On this Maundy Thursday, and all through Holy Week, I find myself thinking about the importance of religious practice to spiritual well-being. This concept is relatively easy for regular church-goers to grasp, I think, but we who are part of faith communities fall short when it comes to opening our hearts and doors to those who might be surprised at how enriching sacred worship within community can be. We don’t do enough to make our churches feel safe for those unsure what they believe, but seeking deeper spiritual experience. When I think of how the “nones” might tend to embrace a spiritual practice such as zen meditation, I wonder why the beauty of ritual within Christian liturgy doesn’t draw more of our “spiritual but not religious” friends and neighbors.
Elizabeth Drescher has conducted a survey to find out about the spiritually meaningful practices among “nones.” She found that “prayer stood out as the lone traditional religious activity among a range of practices that many of the religiously unaffiliated engage in at least a monthly basis.” They pray. Is it important that they pray within the structure of a religious community? Would their prayer life be enriched by the practices such as those we embrace this week? Drescher writes at Religion Dispatches:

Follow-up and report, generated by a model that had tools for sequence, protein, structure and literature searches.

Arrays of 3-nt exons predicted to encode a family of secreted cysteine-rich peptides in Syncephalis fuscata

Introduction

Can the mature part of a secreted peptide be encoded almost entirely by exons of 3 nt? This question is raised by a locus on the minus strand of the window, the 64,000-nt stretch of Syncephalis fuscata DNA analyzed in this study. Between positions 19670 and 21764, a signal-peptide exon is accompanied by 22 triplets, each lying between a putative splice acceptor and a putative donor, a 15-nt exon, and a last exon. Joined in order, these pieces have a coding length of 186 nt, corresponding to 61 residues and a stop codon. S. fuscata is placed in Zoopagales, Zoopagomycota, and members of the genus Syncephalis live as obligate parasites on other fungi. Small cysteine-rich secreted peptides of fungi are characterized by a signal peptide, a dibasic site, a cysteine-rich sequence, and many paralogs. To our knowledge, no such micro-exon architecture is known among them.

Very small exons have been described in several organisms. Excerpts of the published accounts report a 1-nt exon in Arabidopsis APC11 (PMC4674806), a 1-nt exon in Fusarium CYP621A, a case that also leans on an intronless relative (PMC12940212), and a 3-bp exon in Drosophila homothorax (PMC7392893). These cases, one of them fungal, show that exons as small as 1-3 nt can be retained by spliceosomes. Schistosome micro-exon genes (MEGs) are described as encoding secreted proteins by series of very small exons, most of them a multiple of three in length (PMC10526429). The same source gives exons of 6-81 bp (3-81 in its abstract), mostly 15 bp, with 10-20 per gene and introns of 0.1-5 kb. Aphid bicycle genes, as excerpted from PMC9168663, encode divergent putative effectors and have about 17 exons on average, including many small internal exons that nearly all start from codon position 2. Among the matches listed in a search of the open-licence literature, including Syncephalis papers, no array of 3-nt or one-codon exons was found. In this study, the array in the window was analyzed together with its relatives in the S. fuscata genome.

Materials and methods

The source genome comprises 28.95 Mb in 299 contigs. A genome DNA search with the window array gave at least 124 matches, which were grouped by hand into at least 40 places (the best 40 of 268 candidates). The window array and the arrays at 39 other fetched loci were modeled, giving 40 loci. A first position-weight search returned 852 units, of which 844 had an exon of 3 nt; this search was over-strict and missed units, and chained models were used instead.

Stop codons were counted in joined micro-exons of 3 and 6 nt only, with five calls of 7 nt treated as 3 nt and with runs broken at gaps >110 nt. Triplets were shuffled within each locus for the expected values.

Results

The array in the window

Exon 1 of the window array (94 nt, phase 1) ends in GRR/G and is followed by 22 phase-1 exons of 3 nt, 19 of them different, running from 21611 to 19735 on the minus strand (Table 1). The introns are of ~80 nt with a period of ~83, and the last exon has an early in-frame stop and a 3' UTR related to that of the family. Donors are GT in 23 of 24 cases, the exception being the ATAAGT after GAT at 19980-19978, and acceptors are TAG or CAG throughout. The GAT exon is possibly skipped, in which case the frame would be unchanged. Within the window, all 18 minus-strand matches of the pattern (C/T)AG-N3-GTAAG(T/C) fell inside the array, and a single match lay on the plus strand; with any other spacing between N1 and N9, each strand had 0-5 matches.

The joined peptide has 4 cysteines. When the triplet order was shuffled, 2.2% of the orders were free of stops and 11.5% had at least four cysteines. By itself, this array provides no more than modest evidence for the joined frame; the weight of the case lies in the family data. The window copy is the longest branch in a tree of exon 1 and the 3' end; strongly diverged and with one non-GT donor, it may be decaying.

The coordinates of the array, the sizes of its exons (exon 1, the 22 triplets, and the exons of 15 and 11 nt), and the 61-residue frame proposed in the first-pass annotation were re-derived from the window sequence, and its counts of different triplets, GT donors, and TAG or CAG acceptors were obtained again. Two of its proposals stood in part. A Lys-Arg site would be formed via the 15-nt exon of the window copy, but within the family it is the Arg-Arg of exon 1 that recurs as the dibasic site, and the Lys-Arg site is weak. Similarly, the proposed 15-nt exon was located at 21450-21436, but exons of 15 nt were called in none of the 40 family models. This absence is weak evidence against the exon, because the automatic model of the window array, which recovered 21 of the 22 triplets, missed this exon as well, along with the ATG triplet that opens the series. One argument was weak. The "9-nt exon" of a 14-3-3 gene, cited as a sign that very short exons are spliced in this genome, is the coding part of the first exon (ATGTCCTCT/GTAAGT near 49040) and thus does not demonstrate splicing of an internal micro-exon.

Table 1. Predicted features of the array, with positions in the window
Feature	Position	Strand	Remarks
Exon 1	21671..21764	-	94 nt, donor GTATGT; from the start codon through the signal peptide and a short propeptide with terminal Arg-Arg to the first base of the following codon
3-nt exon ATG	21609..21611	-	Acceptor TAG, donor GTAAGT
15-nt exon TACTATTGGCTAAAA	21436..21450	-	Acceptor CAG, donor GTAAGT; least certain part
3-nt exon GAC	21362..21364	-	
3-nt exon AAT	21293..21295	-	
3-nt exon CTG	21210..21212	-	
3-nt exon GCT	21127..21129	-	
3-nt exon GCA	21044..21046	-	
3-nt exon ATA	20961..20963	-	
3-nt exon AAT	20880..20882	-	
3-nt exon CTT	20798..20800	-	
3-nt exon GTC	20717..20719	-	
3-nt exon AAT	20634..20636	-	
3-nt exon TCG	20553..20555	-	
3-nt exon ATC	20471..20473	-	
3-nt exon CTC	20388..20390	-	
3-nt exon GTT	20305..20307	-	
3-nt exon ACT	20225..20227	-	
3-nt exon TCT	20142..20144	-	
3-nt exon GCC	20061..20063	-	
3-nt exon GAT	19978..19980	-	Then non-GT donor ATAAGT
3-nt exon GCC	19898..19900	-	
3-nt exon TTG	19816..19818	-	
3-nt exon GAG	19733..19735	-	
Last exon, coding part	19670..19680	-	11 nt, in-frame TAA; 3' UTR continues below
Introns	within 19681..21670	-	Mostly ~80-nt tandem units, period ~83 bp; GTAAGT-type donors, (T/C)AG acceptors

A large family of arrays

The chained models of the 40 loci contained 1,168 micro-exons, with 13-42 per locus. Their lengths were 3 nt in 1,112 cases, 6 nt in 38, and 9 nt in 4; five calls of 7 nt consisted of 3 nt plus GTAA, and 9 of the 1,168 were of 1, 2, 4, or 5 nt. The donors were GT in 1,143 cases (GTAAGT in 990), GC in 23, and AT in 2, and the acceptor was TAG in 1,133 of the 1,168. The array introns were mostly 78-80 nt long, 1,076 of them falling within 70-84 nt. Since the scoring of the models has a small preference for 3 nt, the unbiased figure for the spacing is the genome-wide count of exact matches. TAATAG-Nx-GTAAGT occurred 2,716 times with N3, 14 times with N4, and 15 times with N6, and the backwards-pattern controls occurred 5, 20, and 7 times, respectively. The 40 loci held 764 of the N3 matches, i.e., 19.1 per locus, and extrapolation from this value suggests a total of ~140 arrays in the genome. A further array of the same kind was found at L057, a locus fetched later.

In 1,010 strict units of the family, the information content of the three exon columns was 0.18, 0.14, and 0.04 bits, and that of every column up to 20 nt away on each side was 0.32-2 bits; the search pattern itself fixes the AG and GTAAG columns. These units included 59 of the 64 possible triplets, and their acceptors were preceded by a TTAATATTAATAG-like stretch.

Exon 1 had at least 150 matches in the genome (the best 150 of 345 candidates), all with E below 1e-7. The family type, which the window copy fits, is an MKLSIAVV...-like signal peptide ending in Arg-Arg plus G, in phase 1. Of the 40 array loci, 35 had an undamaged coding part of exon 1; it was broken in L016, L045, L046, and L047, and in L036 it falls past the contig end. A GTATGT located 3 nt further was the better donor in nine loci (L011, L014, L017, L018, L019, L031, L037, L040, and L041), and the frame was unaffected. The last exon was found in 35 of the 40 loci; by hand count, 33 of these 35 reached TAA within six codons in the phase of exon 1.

Prayer, it seems, can function as a marker of religious and spiritual uncertainty and possibility even for those who see themselves as largely unconnected to the institutional traditions that have shaped its theological meanings and lived practice since ancient times. It has both a personal and a cultural capaciousness that allows it a contemporary significance that has been mostly drained from other typical measures of “religiosity”—attending worship, studying scripture, even believing in God.
For people put off by the religious and political rancor they see in organized religions, or who are repelled by financial and sexual scandals across religious groups, prayer is an experiential reminder that there might be “something else out there,” something “more than just me.”
Prayer may also be a lingering reminder to churches and other religious institutions of the many other ways religion has been and can be organized for meaningful common and personal practice—an Easter lesson, perhaps.
Read Drescher’s post “Quitting Religion, But Not The Practice of Prayer,” featuring comments from some of the “nones” she surveyed, here.